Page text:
There’s so much that happened in Germany during the Third Reich with Religion amongst other things that there is no way I can sit here and talk about the majority because we will be going over my culture project over the next 4 classes….I don’t know about you, but I would get tired of talking……so I am going to skip ahead to Germany today.
Public Schools in Germany Today In German public schools, religion is commonly taught and is a part of the regular school curriculum and is required to be offered along with all other subjects. These religion classes include, courses in Islam (piloted in 2010) to established programs in Judaism (started in 2003), Catholicism, and Protestantism.
Today In German public schools, religion is commonly taught and is a part of the regular school curriculum and is required to be offered along with all other subjects. These religion classes include, courses in Islam (piloted in 2010) to established programs in Judaism (started in 2003), Catholicism, and Protestantism. Participation is strictly voluntary for students and teachers and students who chose to opt out of taking a religion class is required to take a different class instead. Academic standing in religion class as in other classes will determine whether the student can be advanced to next grade or not. The payment of religious instructors and the training or religious teachers is the responsibility of the state. “Under Article 7 (3) of the Basic Law, the doctrinal contents of religious instruction must be in accordance with the tenets of the respective religious group. Thus, students – divided into religion classes according to their faith – not only receive instruction in history, culture, or general morals and ethics but also religious doctrine.” No teacher against their will, will ever be forced to give religious instruction, and parents will decide participation for children under 14 years of age.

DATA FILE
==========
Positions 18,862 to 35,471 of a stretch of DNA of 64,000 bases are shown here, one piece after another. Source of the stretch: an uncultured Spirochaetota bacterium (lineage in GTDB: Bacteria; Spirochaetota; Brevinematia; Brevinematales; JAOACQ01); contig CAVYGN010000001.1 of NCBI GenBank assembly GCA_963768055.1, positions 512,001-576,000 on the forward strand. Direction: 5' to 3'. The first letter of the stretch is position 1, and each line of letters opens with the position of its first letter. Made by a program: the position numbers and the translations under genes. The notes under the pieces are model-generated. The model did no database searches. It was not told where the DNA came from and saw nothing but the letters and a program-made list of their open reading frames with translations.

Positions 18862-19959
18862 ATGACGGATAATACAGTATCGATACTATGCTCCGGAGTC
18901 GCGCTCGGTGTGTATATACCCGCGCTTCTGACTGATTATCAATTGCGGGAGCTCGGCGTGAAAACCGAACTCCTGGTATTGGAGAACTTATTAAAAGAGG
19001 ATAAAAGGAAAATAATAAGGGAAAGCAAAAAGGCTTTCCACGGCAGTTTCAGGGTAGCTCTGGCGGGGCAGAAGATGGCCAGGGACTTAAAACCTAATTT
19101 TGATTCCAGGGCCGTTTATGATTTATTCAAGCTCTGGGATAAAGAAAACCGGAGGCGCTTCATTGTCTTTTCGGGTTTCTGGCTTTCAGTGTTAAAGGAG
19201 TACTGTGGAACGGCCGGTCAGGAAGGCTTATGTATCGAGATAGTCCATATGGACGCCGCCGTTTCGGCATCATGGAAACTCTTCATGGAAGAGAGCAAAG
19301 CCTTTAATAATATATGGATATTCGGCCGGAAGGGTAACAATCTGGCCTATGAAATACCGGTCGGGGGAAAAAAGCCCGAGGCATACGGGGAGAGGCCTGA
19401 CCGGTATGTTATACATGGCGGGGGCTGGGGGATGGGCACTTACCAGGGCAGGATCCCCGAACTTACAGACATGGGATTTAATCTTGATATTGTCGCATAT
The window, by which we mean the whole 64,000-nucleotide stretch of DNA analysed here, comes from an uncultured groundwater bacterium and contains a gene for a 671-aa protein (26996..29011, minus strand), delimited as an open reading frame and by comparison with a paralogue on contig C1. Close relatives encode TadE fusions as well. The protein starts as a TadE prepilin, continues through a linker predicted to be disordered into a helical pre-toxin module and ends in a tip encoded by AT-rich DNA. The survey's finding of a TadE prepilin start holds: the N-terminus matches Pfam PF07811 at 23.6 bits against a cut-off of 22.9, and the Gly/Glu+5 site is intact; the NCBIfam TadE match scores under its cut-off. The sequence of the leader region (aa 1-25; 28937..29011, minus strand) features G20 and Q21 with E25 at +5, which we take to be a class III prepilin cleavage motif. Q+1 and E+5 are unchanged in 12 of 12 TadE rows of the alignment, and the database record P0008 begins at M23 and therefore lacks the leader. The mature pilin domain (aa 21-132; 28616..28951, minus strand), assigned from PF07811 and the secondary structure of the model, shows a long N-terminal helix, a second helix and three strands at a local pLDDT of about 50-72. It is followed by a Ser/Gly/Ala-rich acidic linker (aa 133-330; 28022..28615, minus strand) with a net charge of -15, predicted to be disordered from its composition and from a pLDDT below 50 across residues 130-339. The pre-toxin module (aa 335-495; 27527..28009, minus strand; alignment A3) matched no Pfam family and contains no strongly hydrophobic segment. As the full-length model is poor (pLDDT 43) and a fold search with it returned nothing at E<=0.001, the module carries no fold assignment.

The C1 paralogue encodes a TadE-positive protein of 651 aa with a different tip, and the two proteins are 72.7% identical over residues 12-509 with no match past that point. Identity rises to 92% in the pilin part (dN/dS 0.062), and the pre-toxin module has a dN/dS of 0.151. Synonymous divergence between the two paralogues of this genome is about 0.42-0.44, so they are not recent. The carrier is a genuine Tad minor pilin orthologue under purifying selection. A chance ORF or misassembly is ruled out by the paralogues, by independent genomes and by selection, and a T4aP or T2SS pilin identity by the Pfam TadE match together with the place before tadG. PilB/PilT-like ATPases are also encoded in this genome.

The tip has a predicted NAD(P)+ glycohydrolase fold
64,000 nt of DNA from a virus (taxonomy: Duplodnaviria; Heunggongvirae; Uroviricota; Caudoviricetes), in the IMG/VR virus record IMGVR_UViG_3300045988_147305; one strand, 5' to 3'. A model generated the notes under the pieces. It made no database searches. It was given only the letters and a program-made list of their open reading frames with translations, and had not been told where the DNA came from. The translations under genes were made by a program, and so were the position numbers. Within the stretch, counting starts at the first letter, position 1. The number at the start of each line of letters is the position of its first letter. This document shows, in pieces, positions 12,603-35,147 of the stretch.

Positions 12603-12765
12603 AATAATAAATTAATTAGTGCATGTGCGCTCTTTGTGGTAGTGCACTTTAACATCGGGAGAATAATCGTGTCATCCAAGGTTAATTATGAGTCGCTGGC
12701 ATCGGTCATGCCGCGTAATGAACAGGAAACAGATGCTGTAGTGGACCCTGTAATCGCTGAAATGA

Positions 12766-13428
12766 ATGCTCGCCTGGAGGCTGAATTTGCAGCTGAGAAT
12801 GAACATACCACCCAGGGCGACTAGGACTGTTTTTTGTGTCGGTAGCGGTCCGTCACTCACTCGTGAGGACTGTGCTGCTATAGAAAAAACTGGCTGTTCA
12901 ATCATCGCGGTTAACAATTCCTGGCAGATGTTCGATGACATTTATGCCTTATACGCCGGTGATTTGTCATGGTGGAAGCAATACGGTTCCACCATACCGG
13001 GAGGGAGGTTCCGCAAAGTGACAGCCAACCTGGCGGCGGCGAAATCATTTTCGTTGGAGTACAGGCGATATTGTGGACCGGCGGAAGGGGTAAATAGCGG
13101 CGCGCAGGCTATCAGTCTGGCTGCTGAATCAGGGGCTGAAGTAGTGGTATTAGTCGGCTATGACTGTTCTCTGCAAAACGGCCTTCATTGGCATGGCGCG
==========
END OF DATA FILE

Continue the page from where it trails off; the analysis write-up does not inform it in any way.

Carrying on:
“Pay to Pray” In recent news…. Germany levies a tax on anyone who is officially affiliated with a Christian Church or a Jewish Synagogue and has long required this because it supports the church and its daily operations. This tax totals up to an extra eight to nine percent of what you pay in your yearly income tax. Over the years, more and more Catholics have declined to pay the church tax and have been formally refused services such as sacraments, burial, marriage and baptism. This refusal came as Germany’s Catholic Bishops said “no more” and in September 2012, a German court ruled in the Bishops favor, saying “the church was in its right to say no.” In a whole, you are not excommunicated and you do indeed stay a member of the Catholic community, but you lose pretty much all of your Catholic rights. Germany set up its church tax to compensate religious institutions after most of their lands were confiscated in 1803. For decades, Germany’s Catholic church has been losing more than 100,000 members a year from parishioners getting turned off by the scandals of sex abuse on top of conservative positions on abortions.
Prepare to get a letter “The Catholic Bishops’ Conference in Germany issued a crystal clear, uncompromising edict, endorsed by the Vatican. It detailed that a member who refuses to pay taxes will no longer be allowed to receive communion or make confession, to serve as godparents or to hold any office in the church. Those who leave can also be refused a Christian burial, unless they “give some sign of repentance,” it read.”Vatican “Whoever declares they are leaving the church before official authorities, for whatever reason, impinges on their responsibility to safeguard the community of the church, and against their responsibility to provide financial support to allow the church to fulfill its work” before their death, it read.” “Like many European countries, Germany’s churches are independent but function in partnership with the state, which collects taxes from members of established religions and then funnels the revenues back to the religious institutions, for a fee, in keeping with a 19th- century agreement following abolishment of an official state church.” “Income from church taxes in Germany amounted to about $6.3 billion for the Roman Catholic Church in 2011, and $5.5 billion for the Protestant, mostly Lutheran, churches in 2010, official statistics show. The money goes to support hospitals, schools, day care and myriad other social services, but a sizable amount of the Catholic money is also channeled to the Vatican.” “The German church tax — which is 8 to 9 percent of the annual income tax — is so steep, however, that many people formally quit the church to avoid paying, while nevertheless remaining active in their faith. That is what is angering Catholic Church officials.”